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While the breadth of experience of the two primary consultants is appropriate and deep, it would be a major oversight not to acknowledge the hundreds of people with whom we have consulted, both one on one and in large group meetings. Over 100 meetings have encompassed well over 200 voices. A third of those meetings have been with public officials and the remainder with private sector advocates, skeptics, area experts, and finance specialists. These conversations have led to a deeper understanding of Santa Fe, local banking, City mechanics, politics, regulations, community leadership, and collective community needs from housing to planning to education. It would be appropriate to identify all of these sources, although many provided input confidentially and openly, in hopes of improving ou thoroughly insufficient acknowledgement goes out to all who generously shared knowledge and viewpoints. Thank you.

Complete CVs of the prime consultants are included in Appendix A. The following brief summary biographies provide the basis for the expertise brought by the consultants to the public banking feasibility.

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Lead Consultant: Katie Updike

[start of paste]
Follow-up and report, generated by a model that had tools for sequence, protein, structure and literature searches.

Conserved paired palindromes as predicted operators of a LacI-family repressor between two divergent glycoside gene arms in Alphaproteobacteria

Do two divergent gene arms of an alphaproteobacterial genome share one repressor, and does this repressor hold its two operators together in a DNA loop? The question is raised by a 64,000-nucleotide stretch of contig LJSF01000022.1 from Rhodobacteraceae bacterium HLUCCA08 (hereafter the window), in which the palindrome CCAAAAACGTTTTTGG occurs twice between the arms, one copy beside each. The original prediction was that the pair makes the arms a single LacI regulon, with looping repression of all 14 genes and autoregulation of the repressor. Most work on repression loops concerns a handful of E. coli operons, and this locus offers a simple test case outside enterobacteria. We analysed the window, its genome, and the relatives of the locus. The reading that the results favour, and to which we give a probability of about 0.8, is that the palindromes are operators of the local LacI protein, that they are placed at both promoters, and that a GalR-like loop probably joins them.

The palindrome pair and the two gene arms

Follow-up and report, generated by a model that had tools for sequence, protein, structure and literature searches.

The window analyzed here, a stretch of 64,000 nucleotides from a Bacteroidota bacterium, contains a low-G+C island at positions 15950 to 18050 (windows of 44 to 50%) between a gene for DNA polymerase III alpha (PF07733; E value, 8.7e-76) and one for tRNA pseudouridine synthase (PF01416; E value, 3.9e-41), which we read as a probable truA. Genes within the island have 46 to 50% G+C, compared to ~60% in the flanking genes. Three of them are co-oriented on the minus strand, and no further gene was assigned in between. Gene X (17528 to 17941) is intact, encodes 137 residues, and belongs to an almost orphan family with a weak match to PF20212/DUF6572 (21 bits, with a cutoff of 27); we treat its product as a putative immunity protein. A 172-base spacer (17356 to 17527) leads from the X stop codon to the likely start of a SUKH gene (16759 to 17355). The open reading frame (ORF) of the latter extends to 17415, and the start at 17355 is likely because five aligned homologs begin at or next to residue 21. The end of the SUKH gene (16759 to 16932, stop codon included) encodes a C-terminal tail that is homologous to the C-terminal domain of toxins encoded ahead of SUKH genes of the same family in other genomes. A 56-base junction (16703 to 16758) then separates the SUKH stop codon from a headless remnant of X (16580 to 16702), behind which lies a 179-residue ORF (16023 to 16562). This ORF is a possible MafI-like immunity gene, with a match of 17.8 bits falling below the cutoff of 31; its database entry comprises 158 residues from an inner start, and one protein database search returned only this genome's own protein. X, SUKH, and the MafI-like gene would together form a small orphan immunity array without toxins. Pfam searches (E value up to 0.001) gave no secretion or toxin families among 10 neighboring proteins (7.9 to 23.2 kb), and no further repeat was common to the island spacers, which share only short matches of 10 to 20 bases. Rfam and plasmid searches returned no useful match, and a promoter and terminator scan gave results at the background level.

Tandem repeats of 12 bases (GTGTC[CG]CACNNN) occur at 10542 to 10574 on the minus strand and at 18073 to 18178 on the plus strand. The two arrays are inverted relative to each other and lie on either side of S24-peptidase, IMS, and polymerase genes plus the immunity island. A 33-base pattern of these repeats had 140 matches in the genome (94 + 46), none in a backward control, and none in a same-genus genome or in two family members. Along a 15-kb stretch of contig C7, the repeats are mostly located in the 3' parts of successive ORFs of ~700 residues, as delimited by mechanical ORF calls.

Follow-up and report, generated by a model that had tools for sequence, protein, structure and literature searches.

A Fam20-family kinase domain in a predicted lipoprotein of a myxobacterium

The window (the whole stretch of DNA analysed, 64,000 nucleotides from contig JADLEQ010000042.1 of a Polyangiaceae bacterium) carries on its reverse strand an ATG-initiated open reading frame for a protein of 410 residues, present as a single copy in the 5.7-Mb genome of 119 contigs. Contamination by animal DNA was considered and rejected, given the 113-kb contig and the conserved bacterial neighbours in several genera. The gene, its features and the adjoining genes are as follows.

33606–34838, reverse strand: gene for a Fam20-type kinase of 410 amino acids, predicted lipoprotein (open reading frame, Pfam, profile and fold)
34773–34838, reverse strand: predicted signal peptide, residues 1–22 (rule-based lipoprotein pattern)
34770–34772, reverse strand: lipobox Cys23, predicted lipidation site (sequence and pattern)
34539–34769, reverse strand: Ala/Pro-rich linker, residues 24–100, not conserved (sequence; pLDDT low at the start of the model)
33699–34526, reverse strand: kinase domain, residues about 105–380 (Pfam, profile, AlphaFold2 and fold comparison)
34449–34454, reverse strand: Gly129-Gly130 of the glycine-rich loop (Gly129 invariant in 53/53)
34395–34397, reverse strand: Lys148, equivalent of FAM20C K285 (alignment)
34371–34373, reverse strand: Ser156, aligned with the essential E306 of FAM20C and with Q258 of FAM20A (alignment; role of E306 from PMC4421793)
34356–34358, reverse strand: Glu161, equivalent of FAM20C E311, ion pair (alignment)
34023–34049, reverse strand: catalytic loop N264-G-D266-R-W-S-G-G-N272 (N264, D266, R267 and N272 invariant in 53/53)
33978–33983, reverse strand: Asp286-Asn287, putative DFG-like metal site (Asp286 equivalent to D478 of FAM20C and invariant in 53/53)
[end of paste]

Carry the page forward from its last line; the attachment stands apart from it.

Ms. Updike has done extensive work in finance for over 30 years both within the private banking industry as a Managing Director in two money center banks, and as an advisor to numerous non-profits, government entities, and private sector project sponsors. S

study and referendum in Vermont.

investing, and government incentive structures, Ms. Updike has direct understanding of alternative mechanisms which communities can use to address an absence of credit to vital sectors that have become commercially She also has led funding initiatives addressing many community needs around the country, such as charter schools, energy and water conservancy, affordable housing, non-profit capital expenditures, historic preservation funding, and tax credit funding.

With specific knowledge of community non-profit banks, impact

Additionally, Ms. Updike managed the relationship with the Farm Credit System and Bank for Cooperatives in the US. She worked in finance and studied in Brazil, China, and Peru, all of which have robust public banking sectors. S Bank (NADB), a public bank authorized in 1993 by the U.S. and Mexico to fund environmental infrastructure and projects along the US-Mexico border and to address needs resulting from NAFTA.

Economic Consultant: Chris Erickson